Maryland showed it can beat iffy competition even with an awful run defense; it wasn’t until the secondary got banged up that everything fell apart. But with a schedule that features five projected top-20 teams and four more in the top 50, the run defense will need to improve a solid amount. It’s not a given that this will happen.

Minnesota v Maryland
Jermaine Carter
Photo by Rob Carr/Getty Images

Special Teams

I’ll say this for Wade Lees: if you’re going to have short punts, make sure they’re unreturnable. Lees averaged only 39.8 yards per kick as a freshman in 2016, 91st in the country, but only 20 of his 72 punts returned, and at only five yards per return. That resulted in a No. 65 punt efficiency ranking.

Combined with steady kick returner D.J. Moore, Maryland has decent pieces returning in special teams, but the Terps ranked 102nd in Special Teams S&P+ last year because of the points they lost in the place-kicking and kickoff departments.

Adam Greene made just 75 percent of his under-40 field goals (you’d like that to be 85 percent or higher) and both of his over-40 kicks, while Greene and Danny Sutton combined to boot touchbacks on just 15 percent of their kickoffs. Those numbers have to improve to prevent Maryland from leaking points.


2017 outlook

2017 Schedule & Projection Factors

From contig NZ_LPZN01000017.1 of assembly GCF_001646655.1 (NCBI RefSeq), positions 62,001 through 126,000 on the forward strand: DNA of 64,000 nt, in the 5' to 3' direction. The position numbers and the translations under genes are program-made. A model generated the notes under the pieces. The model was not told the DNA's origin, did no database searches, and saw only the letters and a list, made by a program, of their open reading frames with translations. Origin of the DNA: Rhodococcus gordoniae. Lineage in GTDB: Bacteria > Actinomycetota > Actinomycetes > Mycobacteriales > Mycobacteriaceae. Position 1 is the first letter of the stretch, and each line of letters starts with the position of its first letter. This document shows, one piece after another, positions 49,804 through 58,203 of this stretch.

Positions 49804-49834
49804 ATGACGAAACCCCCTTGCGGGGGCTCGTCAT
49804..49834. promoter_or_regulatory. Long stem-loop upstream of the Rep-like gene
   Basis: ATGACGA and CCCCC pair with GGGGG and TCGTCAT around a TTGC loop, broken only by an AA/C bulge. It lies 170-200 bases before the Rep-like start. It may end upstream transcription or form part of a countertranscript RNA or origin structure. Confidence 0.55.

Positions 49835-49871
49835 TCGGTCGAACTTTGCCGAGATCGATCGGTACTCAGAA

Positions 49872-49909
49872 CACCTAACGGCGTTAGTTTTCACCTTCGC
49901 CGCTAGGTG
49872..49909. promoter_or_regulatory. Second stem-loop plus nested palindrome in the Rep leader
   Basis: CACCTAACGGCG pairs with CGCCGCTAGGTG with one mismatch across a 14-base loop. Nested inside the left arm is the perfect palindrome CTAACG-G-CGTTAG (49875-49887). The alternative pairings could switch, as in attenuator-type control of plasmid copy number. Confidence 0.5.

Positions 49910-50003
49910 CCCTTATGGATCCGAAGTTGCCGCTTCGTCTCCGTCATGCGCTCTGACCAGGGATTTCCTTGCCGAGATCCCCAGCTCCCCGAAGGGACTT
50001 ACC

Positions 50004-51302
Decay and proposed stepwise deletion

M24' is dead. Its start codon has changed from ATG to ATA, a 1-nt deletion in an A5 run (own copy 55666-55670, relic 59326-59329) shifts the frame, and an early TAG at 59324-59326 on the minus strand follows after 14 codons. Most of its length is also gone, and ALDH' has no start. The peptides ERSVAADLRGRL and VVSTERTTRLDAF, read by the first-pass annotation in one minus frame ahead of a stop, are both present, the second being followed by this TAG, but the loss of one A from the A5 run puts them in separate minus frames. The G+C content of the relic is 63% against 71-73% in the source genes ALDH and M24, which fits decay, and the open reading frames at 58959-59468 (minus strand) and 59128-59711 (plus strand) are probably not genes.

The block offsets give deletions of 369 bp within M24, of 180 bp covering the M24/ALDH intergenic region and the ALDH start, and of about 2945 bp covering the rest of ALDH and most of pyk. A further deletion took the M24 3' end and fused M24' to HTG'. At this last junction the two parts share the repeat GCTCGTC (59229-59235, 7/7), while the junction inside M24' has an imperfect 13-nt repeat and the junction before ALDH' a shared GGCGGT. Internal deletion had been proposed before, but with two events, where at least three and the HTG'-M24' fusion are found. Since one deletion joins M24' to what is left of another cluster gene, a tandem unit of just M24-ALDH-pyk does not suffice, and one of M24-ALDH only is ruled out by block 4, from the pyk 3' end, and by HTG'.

Date Opponent Proj. S&P+ Rk Proj. Margin Win Probability
2-Sep at Texas 16 -18.7 14%
9-Sep Towson NR 30.8 96%
23-Sep Central Florida 78 3.7 58%
30-Sep at Minnesota 47 -8.3 32%
7-Oct at Ohio State 2 -30.0 4%
13-Oct Northwestern 37 -5.5 37%
21-Oct at Wisconsin 11 -22.5 10%
28-Oct Indiana 39 -5.5 38%
4-Nov vs. Rutgers 92 5.9 63%
11-Nov Michigan 10 -18.8 14%
18-Nov at Michigan State 44 -9.1 30%
25-Nov Penn State 8 -20.3 12%
Projected S&P+ Rk 72
Proj. Off. / Def. Rk 98 / 45
Projected wins 4.1
Five-Year S&P+ Rk -2.4 (81)
2- and 5-Year Recruiting Rk 32 / 37
2016 TO Margin / Adj. TO Margin* -7 / -2.2
2016 TO Luck/Game -1.8
Returning Production (Off. / Def.) 57% (38%, 77%)
2016 Second-order wins (difference) 5.9 (0.1)

Few teams had as many definitive strengths and weaknesses, and that makes the Terps a hard team to project. Focus on Johnson and Harrison, Henderson’s four-star rating, health in the secondary, and incoming recruits, and you talk yourself into a big autumn.

Note the awful run defense, and the turnover at receiver and defensive back, and the fact that those recruits are true freshmen, and point out that the offense was only good when the departed Hills was behind center, and you settle on the Terps needing another year or two.

I see the former but lean latter, especially after taking a gander at the schedule. Maryland will be a major underdog at Texas, Ohio State, and Wisconsin, and at home against Michigan and Penn State. Without a major upset, that means the Terps will have to go 6-1 against everybody else to bowl again. That means losing no more than one at Minnesota, at Michigan State, and at home against UCF, Northwestern, and Indiana.

That seems a bit too much to ask. And while it’s interesting to see what might happen to recruiting if Maryland’s record regresses in Durkin’s second season, I’m going to assume that the Terps win four or five games while getting key players experienced and primed for a nice step forward.

Team preview stats